#3 Tyron Smith, Cap Hit: $15.8 M

There is not much to talk about here. Smith is a 2x All-Pro, 4x Pro Bowler, and arguably the best left tackle in the league. He did miss three games last year due to injury, but that was a fluke as he’s only missed one other game during his entire six-year career. He’s a seasoned veteran who’s still only 26 years old. The Cowboys hit the jackpot with Smith.

Is he worth it?

Absolutely.

#4 Travis Frederick, Cap Hit: $14.8 M

While that 2017 cap hit figure will drop considerably with a looming restructure, his average cost is just under $10 M. Like both Dez and Tyron, Frederick is also an All-Pro and multi-year Pro Bowler.

Is he worth it?

You betcha. He’s been a stellar center from the moment he arrived in Dallas and after the way he played last season, he still looks like a bargain.

#5 Sean Lee, Cap Hit: $12.4 M

Stop me if you’ve heard this one before – an All-Pro, multi-year Pro Bowler gets a healthy paycheck from the Cowboys. Getting tired of that yet? Yeah, me neither. In 2013, the Cowboys signed Lee to a six-year, $42 M deal that equated to an annual salary of $7 M. That would either be a bargain or a rip-off based on whether or not Lee could stay healthy. Things looked a little dicey in 2014 when Lee was lost for the season before the season had even started. After missing 31 games over a three-year span, his contract looked like a big mistake.

But then something great happened. The Cowboys moved him to weak-side linebacker and his health has been restored. He was healthy for every game last year and would have played his first full season of his career had it not been for a cautious coaching staff that cut his tape in the Week 17 finale.

Is he worth it?

This answer is conditional. If he’s on the field, absolutely. The position change and the beefed up interior defensive line makes fans feel a lot better than we used to feel when it comes to Lee.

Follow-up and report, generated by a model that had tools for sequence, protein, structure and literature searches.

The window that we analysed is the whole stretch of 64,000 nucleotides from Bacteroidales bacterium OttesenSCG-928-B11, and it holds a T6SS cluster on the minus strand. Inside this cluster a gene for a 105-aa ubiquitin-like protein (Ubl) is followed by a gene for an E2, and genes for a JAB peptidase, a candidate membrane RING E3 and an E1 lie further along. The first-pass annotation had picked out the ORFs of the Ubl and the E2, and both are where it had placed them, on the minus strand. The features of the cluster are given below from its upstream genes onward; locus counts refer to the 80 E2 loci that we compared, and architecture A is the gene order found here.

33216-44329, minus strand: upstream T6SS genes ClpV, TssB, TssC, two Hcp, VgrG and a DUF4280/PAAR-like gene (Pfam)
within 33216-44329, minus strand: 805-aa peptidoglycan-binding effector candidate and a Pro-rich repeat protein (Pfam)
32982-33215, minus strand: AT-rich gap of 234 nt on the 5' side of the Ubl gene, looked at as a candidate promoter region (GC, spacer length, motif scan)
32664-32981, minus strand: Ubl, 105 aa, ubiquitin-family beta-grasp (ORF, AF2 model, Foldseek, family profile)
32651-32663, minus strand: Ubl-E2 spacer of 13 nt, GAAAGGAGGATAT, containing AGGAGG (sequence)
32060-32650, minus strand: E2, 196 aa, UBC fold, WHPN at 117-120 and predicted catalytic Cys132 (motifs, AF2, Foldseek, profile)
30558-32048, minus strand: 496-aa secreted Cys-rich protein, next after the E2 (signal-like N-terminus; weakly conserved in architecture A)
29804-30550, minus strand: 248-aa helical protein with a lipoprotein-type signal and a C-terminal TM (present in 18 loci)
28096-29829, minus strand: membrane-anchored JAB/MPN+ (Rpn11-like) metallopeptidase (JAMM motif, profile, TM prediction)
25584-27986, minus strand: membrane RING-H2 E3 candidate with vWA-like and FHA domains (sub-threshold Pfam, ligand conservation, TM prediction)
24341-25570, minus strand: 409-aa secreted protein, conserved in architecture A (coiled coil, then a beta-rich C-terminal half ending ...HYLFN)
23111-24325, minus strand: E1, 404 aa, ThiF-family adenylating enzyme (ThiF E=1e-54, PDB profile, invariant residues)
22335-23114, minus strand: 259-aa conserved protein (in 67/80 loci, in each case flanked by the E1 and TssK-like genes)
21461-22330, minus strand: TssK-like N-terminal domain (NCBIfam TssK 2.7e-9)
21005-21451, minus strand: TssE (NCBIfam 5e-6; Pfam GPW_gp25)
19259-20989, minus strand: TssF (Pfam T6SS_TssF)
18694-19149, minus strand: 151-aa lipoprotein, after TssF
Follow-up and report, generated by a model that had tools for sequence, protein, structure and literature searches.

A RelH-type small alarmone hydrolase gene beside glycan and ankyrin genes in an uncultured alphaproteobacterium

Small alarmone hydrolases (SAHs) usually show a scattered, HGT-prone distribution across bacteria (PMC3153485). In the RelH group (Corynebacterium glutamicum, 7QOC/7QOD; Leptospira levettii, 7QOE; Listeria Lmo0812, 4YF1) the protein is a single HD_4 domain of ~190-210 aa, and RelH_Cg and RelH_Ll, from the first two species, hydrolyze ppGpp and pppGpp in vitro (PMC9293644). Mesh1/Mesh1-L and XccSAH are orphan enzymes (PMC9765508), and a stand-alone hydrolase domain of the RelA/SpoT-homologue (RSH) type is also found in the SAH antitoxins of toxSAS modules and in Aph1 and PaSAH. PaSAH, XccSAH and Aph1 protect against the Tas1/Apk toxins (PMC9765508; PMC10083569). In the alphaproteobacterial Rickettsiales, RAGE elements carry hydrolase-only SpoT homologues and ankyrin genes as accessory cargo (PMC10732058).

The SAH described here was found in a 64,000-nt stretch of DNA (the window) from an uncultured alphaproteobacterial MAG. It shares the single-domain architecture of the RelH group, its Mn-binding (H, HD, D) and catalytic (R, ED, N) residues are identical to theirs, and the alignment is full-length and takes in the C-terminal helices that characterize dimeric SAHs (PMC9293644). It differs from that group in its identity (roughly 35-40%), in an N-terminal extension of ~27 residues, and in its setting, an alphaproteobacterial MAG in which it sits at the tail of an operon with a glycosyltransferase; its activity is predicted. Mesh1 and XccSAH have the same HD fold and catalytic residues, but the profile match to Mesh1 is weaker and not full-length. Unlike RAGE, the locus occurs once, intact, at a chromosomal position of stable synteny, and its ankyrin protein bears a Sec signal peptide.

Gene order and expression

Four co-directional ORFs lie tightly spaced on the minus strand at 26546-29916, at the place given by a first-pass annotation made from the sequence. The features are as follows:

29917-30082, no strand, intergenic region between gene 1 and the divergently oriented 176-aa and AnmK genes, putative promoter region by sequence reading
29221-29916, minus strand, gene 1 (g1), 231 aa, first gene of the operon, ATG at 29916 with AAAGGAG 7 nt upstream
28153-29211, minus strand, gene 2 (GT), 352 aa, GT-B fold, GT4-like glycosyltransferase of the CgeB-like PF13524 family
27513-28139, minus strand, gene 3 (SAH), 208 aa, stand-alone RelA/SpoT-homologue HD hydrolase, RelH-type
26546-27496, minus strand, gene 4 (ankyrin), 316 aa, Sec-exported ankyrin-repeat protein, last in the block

#6 Jason Witten, Cap Hit: $12.2 M

Knock Knock.

Who’s There?

Orange.

Orange Who?

Orange you glad this All-Pro, multi-year Pro Bowl reference is still going on?

Indeed I am. Of course this is the last stop as I have some disappointing news for you -not everyone on the Cowboys roster is an All-Pro. It had to end eventually.

Witten is an interesting case. At the age of 34, he’s one of the few elder statesmen on the team. He has played in 223 of the 224 games of his career. If availability is ability, then he’s quite the able one because that’s a remarkable display of dependability. People keep expecting him to decline, but to his credit – he just keeps doing Jason Witten things.

Is he worth it?

Besides being such an important leader on this team, he’s a reliable safety net that always is there when you need him. It’s hard to justify him being worth his cap hit price, but I’ll take him every day of the week and twice on Sunday Night.

#7 Tyrone Crawford, Cap Hit: $10.3 M

The Cowboys front office has tried to stay one step ahead of the game cashing in on cheaper contracts before a player performance skyrocket’s their asking price. That process has worked great for some guys, but Crawford’s not one of them. It’s easy to make excuses for him. He played with an injured shoulder for the better part of 2015 and he missed some game action last year due to a hamstring injury. Between his health and being moved around all over the defensive line, Crawford has struggled to make an impact.